Pathologists are charged with the task of studying biopsy samples from patients to diagnose disease and to aid in disease management. While lung cancer pathology is becoming increasingly more complex as we learn about different biomarkers and develop targeted therapies for lung cancer patients, the fundamentals of pathology have not changed much. Pathology slides continue to be the gold standard for studying biopsy samples, and pathologists are finding ways to combine traditional pathology with digital technology to improve outcomes for patients.
With the development of tele-pathology equipment, it has become possible for experts to weigh-in remotely and discuss patient care at regional health care centers. This tele-pathology approach, which is similar to a webinar, makes it easier to get second opinions on patient samples even when the experts are far away or otherwise unavailable for an in-person consultation. “Clinical pathologists can use cameras mounted on microscopes to share what they see with other pathologists in the same room, in the same institution, or even in another country,” says Edward Gabrielson, MD, attending pathologist and professor of pathology at John Hopkins Medicine, and a member of the LUNGevity Scientific Advisory Board.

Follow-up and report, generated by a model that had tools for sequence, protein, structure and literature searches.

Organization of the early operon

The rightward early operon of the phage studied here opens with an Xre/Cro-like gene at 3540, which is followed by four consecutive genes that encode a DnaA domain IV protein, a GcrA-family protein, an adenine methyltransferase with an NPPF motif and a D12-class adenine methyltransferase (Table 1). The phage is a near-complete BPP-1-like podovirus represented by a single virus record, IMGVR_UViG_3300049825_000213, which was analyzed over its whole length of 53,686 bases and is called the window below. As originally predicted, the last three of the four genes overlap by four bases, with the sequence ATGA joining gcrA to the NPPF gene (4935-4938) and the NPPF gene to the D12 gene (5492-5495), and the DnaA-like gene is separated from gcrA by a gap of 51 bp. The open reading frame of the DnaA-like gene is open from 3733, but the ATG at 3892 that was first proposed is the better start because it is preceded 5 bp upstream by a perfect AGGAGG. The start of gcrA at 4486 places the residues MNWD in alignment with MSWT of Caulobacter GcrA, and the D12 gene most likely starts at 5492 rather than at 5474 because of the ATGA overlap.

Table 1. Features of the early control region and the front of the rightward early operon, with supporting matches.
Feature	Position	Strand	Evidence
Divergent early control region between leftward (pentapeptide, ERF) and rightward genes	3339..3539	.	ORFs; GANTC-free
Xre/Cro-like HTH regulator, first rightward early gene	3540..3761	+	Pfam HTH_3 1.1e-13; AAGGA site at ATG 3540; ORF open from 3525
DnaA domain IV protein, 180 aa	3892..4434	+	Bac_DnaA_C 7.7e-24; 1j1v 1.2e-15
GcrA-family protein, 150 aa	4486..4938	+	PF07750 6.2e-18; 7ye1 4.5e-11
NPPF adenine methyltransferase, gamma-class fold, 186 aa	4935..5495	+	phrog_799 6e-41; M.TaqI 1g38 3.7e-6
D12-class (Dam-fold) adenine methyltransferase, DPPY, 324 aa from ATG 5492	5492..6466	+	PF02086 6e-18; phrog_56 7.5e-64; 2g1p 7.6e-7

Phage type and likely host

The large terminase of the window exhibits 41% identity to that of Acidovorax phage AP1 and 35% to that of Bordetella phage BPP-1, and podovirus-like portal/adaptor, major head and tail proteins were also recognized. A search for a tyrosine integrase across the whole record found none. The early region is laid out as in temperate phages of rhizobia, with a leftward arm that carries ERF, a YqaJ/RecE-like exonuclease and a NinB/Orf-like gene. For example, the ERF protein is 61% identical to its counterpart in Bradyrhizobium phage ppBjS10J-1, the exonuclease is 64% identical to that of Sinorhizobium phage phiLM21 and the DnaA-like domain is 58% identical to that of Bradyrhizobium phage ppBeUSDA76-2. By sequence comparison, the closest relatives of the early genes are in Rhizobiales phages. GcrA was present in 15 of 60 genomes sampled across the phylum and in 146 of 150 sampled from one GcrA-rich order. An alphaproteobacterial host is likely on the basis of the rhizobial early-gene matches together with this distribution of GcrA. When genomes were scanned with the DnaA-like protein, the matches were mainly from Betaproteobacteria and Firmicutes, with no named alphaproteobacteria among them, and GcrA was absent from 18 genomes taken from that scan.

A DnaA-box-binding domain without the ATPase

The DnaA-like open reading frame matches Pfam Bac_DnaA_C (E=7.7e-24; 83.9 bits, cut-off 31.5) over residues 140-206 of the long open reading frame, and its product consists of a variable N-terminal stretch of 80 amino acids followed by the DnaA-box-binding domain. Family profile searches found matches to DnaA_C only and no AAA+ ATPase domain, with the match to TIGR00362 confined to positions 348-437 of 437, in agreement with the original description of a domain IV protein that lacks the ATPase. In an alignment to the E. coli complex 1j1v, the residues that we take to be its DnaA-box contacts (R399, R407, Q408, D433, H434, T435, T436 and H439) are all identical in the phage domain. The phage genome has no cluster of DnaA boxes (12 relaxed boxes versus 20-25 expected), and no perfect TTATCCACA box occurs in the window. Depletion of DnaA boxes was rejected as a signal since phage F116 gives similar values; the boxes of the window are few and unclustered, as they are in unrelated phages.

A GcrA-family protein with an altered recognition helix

In addition to tele-pathology, researchers are harnessing super-computing technology to make high-resolution virtual microscopy slides that can be transmitted and stored electronically. These virtual slides, which are ultra-high-resolution scans of standard pathology slides, can be preserved as permanent records. With virtual slides, pathologists can scan around the tissue and zoom in and out as needed, just as they do with actual glass slides.
Researchers are also developing software that can be used in conjunction with virtual slides to perform quantitative analyses for research projects. “In fact, as part of an international clinical trial, we are the main pathology lab reviewing the images. We are being sent virtual slides from across the globe to review and study here,” explains Dr. Gabrielson.
“It is impressive that we can now scan and store images at such a high resolution that we can open up the virtual slide files and study them as if they were actual slides,” says Dr. Gabrielson. “Really, it is just the tip of the iceberg for how we will use this technology.”
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Juhi Kunde, MA, is a science writer for LUNGevity.